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Qualifying for an HSA

Optum Bank HSAs are FDIC insured bank accounts that you can use to pay for qualified health expenses for yourself and your covered dependents tax free. To be an eligible individual and qualify for an HSA, you must meet the following requirements, as defined by the IRS:


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You cannot be claimed as a dependent on someone else's tax return.



You must be covered under a high deductible health plan (HDHP) on the first day of the month.



You are not enrolled in Medicare or other health coverage except what is permitted by the IRS.



Other restrictions and exceptions may also apply.


  • You are not enrolled in Medicare, TRICARE or TRICARE for Life.
  • You haven’t received Veterans Affairs (VA) benefits within the past three months, except for preventive care. If you have a disability rating from the VA, this exclusion doesn’t apply.
  • You do not have a health care flexible spending account (FSA) or health reimbursement account (HRA). Alternative plan designs, such as a limited-purpose FSA or HRA, might be permitted.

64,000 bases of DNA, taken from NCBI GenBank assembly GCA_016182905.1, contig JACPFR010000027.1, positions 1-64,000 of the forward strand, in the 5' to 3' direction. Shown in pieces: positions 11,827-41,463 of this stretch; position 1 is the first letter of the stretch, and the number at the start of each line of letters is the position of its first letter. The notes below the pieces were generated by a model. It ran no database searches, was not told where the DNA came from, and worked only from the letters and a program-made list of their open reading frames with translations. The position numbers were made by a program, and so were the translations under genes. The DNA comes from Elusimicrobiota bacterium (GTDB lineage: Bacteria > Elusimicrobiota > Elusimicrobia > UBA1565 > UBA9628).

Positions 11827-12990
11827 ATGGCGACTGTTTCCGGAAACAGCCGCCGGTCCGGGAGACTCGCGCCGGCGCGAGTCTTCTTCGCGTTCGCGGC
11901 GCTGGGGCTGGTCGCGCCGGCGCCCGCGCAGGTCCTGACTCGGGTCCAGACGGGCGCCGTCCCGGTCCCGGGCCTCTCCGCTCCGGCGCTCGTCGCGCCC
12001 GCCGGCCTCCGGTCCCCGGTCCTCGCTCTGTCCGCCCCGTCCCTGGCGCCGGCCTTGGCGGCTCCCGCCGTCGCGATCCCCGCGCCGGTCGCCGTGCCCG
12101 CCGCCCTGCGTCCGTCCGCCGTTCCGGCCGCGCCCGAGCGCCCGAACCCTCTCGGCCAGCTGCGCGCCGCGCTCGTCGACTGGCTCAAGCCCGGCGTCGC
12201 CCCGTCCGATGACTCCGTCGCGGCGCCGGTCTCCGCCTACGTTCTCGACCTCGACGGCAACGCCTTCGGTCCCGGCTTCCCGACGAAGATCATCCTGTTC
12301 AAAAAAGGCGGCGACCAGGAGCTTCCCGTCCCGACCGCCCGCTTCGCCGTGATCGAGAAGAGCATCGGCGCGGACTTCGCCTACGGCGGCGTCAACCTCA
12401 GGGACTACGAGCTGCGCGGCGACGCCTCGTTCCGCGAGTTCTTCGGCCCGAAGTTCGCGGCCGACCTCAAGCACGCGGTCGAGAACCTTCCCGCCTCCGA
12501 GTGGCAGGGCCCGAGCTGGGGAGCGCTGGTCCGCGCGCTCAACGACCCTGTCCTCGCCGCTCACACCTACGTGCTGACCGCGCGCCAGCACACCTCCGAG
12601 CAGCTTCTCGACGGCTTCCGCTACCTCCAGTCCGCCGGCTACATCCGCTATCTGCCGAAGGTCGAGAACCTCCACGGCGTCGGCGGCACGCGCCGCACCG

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    We recommend that you consult a tax, legal or financial advisor to discuss your personal circumstances.

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    What’s a high-deductible health plan?

    The IRS defines a qualifying high-deductible health plan as having:


    • A minimum annual deductible of $1,350 individual/$2,700 family
    • An out-of-pocket maximum of $6,750 individual/$13,500 family


    • A minimum annual deductible of $1,400 individual/$2,800 family
    • An out-of-pocket maximum of $6,900 individual/$13,800 family


    • A minimum annual deductible of $1,400 individual /$2,800 family
    • An out-of-pocket maximum of $7,000 individual/$14,000 family
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    Coverage of adult children

    Health care reform legislation passed in 2010 allows adult children up to age 26 to be covered by parents’ health plans, including high-deductible plans.

    The tax laws regarding HSAs have not changed, however an adult child must still be considered a tax dependent in order for his or her medical expenses to qualify for payment or reimbursement from a parent’s HSA.

    If you are under age 26 and covered by a parent’s HSA-eligible, high-deductible health plan, you may be able to open and fund an HSA yourself and can contribute up to the IRS family maximum. The criteria above still apply. Consult a knowledgeable benefits consultant or tax advisor.


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